After offending gays, Asians, and audiences with its ignoble release last summer, the Adam Sandler gay marriage vehicle I Now Pronounce You Chuck and Larry has found itself back in the news this week with equally confounding results. According to the Washington Post (via Videogum), new legislation that could provide employee benefit programs to the partners of gay federal employees is under siege thanks to Office of Personnel Management deputy director Howard C. Weizmann, who cites the Sandler movie as reason enough not to put the plan into action:
To bolster his point that worries about cheats are realistic, he cited an unusual source: "I Now Pronounce You Chuck and Larry," an Adam Sandler movie about two firemen in Brooklyn who pretend they are gay so they can get domestic partner benefits. "The subject was . . . insurance fraud," Weizmann said. "This is not farfetched." That really upset proponents of the bill, who said they were astounded by Weizmann's comment. "It is an insult to suggest there is any added likelihood of fraud from LGBT [lesbian, gay, bisexual and transgender] employees," Leonard Hirsch, Federal GLOBE president, said in a telephone interview. "Currently, the proposed legislation mandates a higher level of certification for LGBT benefit enrollment than for heterosexual employees."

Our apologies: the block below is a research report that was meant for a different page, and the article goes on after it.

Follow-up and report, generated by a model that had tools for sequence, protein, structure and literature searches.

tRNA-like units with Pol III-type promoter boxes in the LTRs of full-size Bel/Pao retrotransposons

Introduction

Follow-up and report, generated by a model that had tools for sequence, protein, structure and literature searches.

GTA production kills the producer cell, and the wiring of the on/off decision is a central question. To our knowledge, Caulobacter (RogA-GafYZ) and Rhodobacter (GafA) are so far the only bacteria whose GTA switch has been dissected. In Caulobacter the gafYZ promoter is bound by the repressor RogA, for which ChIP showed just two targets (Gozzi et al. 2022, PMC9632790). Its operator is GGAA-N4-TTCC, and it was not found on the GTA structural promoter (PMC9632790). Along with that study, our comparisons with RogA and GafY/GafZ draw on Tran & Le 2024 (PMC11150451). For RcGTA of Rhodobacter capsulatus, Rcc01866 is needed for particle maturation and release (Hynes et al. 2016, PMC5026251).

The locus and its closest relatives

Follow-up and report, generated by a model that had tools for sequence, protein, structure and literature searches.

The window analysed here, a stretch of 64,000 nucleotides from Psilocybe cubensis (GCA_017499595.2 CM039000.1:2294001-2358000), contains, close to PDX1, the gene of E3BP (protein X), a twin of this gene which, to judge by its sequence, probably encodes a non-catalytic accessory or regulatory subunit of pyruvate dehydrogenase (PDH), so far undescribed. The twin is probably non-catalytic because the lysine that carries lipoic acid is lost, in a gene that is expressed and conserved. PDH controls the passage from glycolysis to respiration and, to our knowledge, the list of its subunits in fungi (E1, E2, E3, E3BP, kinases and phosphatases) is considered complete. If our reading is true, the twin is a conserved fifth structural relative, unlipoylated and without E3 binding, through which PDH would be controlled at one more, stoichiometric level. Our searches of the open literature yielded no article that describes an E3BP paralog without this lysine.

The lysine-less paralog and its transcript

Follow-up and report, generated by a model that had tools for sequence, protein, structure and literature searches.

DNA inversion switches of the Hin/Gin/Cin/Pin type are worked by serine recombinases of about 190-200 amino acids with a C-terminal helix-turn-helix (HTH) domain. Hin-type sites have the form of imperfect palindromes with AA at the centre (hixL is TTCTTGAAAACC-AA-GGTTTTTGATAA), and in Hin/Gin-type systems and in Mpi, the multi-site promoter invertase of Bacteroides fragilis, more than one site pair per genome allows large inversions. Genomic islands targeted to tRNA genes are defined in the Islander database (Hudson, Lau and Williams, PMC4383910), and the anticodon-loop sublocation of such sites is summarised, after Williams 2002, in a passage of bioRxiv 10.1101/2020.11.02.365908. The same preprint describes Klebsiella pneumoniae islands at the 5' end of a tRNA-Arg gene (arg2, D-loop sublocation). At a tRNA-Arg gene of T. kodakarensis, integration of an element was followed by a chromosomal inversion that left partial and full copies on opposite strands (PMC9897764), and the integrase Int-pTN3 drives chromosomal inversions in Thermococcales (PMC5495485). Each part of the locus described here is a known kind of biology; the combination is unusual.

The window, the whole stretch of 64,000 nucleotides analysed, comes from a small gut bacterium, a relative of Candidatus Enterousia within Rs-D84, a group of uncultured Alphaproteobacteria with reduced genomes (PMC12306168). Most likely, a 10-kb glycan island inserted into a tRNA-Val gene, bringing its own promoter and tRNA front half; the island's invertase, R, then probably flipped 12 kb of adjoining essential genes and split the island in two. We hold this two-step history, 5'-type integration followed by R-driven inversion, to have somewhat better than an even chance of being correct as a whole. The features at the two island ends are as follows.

It certainly is an insult to suggest that anyone could draw inspiration from Chuck & Larry. Have we seen an uptick in caricatured Asian priests since the film's release, for example? Do more attorneys now strip down to their lingerie and plead with their handsy clients to "feel these"? If people truly are copycatting Chuck & Larry, prefer they could draw their inspiration from the best part of the film and end themselves after 115 excruciating minutes.